And Cringle noted that he corresponded over the weekend with district parents who had security questions and tried to assure them of the school’s efforts to keep students safe.
But parents’ concerns over the safety of their children were evident at Saranac Elementary on Monday, when an automated message was accidentally sent to all district parents telling them that their children were absent from school that day.
The school became aware of the error within minutes and sent out a second automated message telling parents to disregard the first, but many parents were understandably alarmed, calling and even going to the school to see for themselves that their children were safe.
“We just did everything we could to reassure them.” said Saranac Elementary Principal Tracy Manor, who noted that the timing of the mistake couldn’t have been worse, as parents were already shaken by the events in Connecticut.
The school had only been using the messaging system — commonly used by other schools to alert parents of absences and school events — for a few days when the error occurred.
“Internal controls have been put in place to prevent that from happening in the future,” Manor said.
The best way to help people feel safe in schools, according to AuSable Valley Central Superintendent Paul Savage, is to maintain open lines of communication with students, teachers, staff and the public.
“Safety is a unified effort, and open communication and trust are essential cornerstones to helping ensure safety for our schools,” he said.
Faculty and staff at school districts across the North Country came to class Monday prepared to address the range of emotions and questions students might have regarding the events in Connecticut and school safety in general.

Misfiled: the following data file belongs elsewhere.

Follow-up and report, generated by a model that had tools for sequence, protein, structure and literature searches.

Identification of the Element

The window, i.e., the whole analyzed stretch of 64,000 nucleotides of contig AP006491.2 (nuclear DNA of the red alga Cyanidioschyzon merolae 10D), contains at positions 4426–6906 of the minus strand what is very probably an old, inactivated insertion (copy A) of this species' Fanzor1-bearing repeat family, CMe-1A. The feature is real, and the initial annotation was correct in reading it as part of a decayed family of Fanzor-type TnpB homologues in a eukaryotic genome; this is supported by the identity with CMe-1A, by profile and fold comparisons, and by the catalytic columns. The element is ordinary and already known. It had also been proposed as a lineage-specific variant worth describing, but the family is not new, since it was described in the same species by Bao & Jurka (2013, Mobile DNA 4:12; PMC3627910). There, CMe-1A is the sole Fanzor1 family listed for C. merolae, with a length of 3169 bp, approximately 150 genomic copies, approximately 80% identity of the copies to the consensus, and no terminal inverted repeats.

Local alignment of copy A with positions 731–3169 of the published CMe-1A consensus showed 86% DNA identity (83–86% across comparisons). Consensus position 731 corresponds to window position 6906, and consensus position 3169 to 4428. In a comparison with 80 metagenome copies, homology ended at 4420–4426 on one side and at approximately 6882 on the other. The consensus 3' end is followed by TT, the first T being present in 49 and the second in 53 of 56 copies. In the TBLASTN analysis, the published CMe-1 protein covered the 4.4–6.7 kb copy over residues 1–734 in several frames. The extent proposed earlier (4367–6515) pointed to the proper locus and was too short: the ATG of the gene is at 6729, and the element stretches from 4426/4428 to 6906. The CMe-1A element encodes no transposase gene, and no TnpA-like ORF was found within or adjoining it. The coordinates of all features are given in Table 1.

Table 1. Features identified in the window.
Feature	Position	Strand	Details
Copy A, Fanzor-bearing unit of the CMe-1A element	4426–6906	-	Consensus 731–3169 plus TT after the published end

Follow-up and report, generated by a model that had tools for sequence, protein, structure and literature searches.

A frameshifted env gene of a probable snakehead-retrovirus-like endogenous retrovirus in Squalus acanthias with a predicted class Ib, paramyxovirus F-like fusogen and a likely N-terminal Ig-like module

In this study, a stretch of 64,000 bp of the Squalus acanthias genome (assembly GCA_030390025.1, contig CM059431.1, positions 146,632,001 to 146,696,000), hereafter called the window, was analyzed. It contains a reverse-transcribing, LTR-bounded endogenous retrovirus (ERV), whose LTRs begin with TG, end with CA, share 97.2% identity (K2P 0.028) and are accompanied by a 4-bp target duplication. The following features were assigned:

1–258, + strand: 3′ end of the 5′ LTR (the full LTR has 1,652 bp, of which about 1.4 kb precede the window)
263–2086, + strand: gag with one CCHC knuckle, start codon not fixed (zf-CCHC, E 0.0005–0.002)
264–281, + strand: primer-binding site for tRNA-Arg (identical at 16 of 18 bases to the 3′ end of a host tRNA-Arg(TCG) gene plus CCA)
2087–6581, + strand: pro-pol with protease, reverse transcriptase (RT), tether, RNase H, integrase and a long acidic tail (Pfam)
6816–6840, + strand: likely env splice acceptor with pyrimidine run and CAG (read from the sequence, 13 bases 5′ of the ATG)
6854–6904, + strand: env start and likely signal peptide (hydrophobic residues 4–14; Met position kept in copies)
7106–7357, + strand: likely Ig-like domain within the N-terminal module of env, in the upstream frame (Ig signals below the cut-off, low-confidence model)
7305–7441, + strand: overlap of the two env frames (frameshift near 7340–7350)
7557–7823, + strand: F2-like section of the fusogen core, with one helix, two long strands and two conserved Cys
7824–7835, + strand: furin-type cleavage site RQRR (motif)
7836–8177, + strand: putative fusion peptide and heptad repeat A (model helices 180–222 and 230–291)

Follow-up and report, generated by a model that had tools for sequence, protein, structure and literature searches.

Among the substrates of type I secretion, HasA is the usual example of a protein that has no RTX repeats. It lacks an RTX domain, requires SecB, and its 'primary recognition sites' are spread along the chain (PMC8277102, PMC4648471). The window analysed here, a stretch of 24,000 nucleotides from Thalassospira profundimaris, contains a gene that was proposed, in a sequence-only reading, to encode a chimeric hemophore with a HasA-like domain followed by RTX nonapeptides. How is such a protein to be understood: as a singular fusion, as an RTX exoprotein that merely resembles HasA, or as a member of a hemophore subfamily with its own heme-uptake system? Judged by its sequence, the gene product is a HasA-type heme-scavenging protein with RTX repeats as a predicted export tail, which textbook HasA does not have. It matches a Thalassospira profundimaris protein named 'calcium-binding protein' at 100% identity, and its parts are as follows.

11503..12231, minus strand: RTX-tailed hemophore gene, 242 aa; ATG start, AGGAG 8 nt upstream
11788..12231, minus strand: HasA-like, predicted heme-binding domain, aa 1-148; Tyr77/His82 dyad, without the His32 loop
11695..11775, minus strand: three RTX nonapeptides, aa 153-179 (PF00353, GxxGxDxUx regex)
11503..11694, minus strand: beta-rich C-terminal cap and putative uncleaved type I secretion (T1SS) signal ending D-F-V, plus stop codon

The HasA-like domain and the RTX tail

At Saranac Elementary, fourth-grade teacher Jacolyn Utzler heard her students discussing the tragedy among themselves and began the day by asking if anyone had anything they wanted to ask or share.
Utzler said she spent time reminding the children about all the adults who work together in the school to keep them safe and how their school is fortunate to have locks on their classroom doors, as well as on the building’s external doors.
The discussion, she said, seemed to be reassuring to the students.
“I think there was a sigh of relief,” she said.
In response to children’s questions about why someone would enter a school and harm children, Utzler explained that mental illness can cause people to do things they wouldn’t do if they were well.
“We talked about illness and (how) as human beings, we don’t look to go and hurt other people,” she said.
The teacher also encouraged her students to think about all the people who were helping the families affected by the tragedy and the good things that people can continue to do for others.
At Chazy Elementary, Tregan said, staff are being encouraged to listen to and comfort children and be respectful of the tragedy that occurred but also to maintain a sense of normalcy throughout the school day.
“Visibility and communication is essential in creating a sense of normalcy after a crisis,” Savage said.
And one of the best solutions to dealing with tragedy, according to Richards, is to show compassion.
“Now is probably the time to give that extra hug,” he said. “It is probably very, very needed.”
— Staff Writer Kim Smith Dedam contributed to this report.